We had no idea when we adopted Zinashi just how complicated things could get. When we traveled to adopt her, we were just starting to hear rumblings of searches revealing a different story than the official paperwork told. Indeed our documents for Zinashi's adoption contained errors, some small, one large. What we know now is that this is not the exception, but the norm in Ethiopian adoptions. Sometimes it's the agency that falsifies documents, though that was not the case for us, and sometimes it is entities earlier in the process or even the families themselves. By adopting Zinashi, we stepped into a grey area we had no idea existed. And now we live in it, figure out how to parent in it, figure out how to help her heal and trust in the middle of it.
The research we've done into her family's situation and the resources available to them lead us to believe that adoption was the best option available to get Zinashi what she needed at the time she was relinquished. We don't think it's fair that it was the best option, but it was, and we can't go back and change that. What we can do is work to make sure it's not the best - or only - option presented to families in similar situations in the future. Answers to poverty itself seem fairly straightforward to me, as we are seeing lots of success with family preservation from organizations that provide child sponsorship and micro loans. The bigger questions that I have trouble with, which were both applicable to Zinashi's situation, is how do we ensure better medical care (or medical care at all) in vulnerable areas, and how do we combat issues leading to families in crisis which are political in nature?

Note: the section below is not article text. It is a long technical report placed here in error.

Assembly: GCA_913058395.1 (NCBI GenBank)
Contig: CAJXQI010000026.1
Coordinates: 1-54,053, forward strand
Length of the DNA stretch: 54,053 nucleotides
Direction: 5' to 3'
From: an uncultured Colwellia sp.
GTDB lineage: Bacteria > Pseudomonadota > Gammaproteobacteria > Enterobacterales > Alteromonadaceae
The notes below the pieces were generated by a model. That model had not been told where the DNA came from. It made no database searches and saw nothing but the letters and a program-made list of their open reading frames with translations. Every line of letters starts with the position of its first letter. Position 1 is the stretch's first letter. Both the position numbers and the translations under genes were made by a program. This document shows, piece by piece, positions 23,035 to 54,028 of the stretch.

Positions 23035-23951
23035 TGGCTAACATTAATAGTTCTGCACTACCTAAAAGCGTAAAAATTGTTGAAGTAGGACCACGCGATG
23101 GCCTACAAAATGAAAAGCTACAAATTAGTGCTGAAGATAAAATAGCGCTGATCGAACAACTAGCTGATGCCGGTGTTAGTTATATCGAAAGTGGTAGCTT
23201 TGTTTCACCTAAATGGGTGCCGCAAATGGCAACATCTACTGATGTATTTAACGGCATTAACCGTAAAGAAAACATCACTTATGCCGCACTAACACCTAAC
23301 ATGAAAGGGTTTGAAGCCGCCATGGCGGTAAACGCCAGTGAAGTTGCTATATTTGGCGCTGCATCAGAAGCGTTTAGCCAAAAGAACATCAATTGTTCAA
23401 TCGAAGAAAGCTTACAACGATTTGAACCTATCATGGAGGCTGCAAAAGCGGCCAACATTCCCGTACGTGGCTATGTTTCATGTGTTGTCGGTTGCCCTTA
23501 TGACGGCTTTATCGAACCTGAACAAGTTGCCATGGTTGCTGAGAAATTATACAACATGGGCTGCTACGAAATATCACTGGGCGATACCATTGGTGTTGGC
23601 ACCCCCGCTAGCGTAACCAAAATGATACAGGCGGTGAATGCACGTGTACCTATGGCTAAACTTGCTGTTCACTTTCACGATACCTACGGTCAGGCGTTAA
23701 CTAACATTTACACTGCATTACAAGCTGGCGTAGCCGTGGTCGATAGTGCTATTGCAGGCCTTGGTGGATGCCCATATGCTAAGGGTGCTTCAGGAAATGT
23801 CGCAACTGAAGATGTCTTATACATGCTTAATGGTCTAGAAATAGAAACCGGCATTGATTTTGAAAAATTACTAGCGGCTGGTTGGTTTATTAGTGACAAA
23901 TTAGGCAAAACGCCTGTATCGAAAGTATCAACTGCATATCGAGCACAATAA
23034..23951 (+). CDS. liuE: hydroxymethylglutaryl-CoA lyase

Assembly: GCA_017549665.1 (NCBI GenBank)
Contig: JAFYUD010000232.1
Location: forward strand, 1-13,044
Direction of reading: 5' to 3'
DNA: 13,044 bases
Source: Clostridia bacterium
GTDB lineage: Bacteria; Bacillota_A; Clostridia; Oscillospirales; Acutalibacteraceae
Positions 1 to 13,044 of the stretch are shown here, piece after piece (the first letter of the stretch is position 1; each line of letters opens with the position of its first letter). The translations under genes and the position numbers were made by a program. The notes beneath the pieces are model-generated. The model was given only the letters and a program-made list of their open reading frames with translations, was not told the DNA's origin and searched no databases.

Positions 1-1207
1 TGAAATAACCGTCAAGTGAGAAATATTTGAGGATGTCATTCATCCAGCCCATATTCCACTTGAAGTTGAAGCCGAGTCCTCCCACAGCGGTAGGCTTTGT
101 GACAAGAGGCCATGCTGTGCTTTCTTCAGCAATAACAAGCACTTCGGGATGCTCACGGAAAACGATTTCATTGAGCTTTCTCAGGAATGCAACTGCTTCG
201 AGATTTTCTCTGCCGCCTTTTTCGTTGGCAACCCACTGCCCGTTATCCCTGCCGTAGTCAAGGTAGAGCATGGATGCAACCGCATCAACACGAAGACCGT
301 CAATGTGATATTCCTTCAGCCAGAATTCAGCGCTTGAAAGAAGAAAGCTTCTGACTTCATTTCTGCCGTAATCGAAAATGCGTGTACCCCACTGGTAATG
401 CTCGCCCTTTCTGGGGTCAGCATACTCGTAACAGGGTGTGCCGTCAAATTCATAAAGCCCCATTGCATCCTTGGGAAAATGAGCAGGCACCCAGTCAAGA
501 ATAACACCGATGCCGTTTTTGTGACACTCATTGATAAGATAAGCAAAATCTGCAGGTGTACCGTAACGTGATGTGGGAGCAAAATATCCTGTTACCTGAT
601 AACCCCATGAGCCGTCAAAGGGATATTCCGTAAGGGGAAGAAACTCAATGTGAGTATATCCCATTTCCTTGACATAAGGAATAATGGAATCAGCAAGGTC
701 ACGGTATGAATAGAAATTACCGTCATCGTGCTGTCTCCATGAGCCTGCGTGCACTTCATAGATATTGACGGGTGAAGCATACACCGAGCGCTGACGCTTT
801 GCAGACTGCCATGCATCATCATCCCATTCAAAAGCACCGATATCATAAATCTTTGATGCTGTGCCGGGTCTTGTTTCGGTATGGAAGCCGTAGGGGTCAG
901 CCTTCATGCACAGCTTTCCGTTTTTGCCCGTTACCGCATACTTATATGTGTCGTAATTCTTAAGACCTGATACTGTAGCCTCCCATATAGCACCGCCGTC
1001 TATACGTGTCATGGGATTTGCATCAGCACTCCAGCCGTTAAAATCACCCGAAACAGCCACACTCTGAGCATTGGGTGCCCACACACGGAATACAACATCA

I think it's important that we ask these questions. For me, it is born out of love for my first child. If I could prevent the loss she experienced and the struggles she faces for another child, then I want to spend my time and energy doing that. I think there are solutions to be found. I think the first step is admitting that in some ways, we were part of the problem, that our desire to do good fueled a system that has done many things that are terrible for children and families.